Re: broken links in W3C documents and recommendations

On Feb 11, 2009, at 7:00 PM, ext Larry Masinter wrote:


> I think the response should be two-fold:
> a)      When publishing a document as a Note, Working Draft or any  
> other permanent W3C publication,  the criteria for publication  
> should examine any hyperlinks in the document and attempt to assure  
> (from author or editor assertion or some other means) that there is  
> a reasonable commitment that the referenced document will be  
> available indefinitely. This policy might have prevented the current  
> situation.

I certainly agree that we should attempt to verify our bibliographic  
references. One way I'm familiar with from previous standards I've  
edited is the following:

(From the Chicago Manual of Style [1])

Philip B. Kurland and Ralph Lerner, eds., The Founders’ Constitution  
(Chicago: University of Chicago Press, 1987), 
  (accessed June 27, 2006).

I would suggest adding a 'last accessed' date to references that  
contain links.

> b)      In cases where current W3C permanent publications contain  
> links that are broken (discovered either automatically or noted and  
> reported by an individual), I suggest the W3C create a permanent  
> “reference” page for the now-broken hyperlink, add to the  
> “reference” page some possible alternative sources of the same  
> document, and change the hyperlink in the W3C document to point to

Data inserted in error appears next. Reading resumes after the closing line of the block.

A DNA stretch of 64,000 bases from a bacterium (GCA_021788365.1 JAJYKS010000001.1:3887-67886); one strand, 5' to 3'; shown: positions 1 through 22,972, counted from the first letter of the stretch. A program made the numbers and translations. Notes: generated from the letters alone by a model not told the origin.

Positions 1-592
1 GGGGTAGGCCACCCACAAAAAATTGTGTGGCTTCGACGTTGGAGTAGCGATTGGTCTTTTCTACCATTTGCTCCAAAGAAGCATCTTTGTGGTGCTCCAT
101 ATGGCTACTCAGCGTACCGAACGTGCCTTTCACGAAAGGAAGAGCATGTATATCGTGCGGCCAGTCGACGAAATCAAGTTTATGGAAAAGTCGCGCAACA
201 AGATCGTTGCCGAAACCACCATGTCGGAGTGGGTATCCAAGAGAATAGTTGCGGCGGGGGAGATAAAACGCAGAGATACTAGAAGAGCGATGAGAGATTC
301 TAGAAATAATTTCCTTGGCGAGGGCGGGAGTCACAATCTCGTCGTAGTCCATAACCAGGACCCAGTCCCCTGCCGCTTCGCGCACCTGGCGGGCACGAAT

> the “reference” page.
> For example, one might create a web page:
> which could contain:
>                   A W3C document originally contained a pointer to
>                That document is no longer available, but an  
> alternate source for that document can be found at
> The goal is to establish a general way of dealing with “broken  
> links” by replacing them with “cool” URIs maintained under W3C  
> control.

The question I have is whether it is important that URL references  
always work? Isn't the intent that a human has enough information in  
the reference to search for the referenced document herself if the  
automated mechanism results in a broken reference?

And secondly, the link to the 'broken links' document is not itself a  
bibliographic reference to the original referenced document. Thus we  
have introduced a new indirection .  Why would we not instead simply  
update the original document's references section with something like  
the text you propose, rather than creating a new 'broken links'  
document? Does there actually need to be a 'cool URI' in the reference?


- johnk


Received on Thursday, 12 February 2009 16:43:50 UTC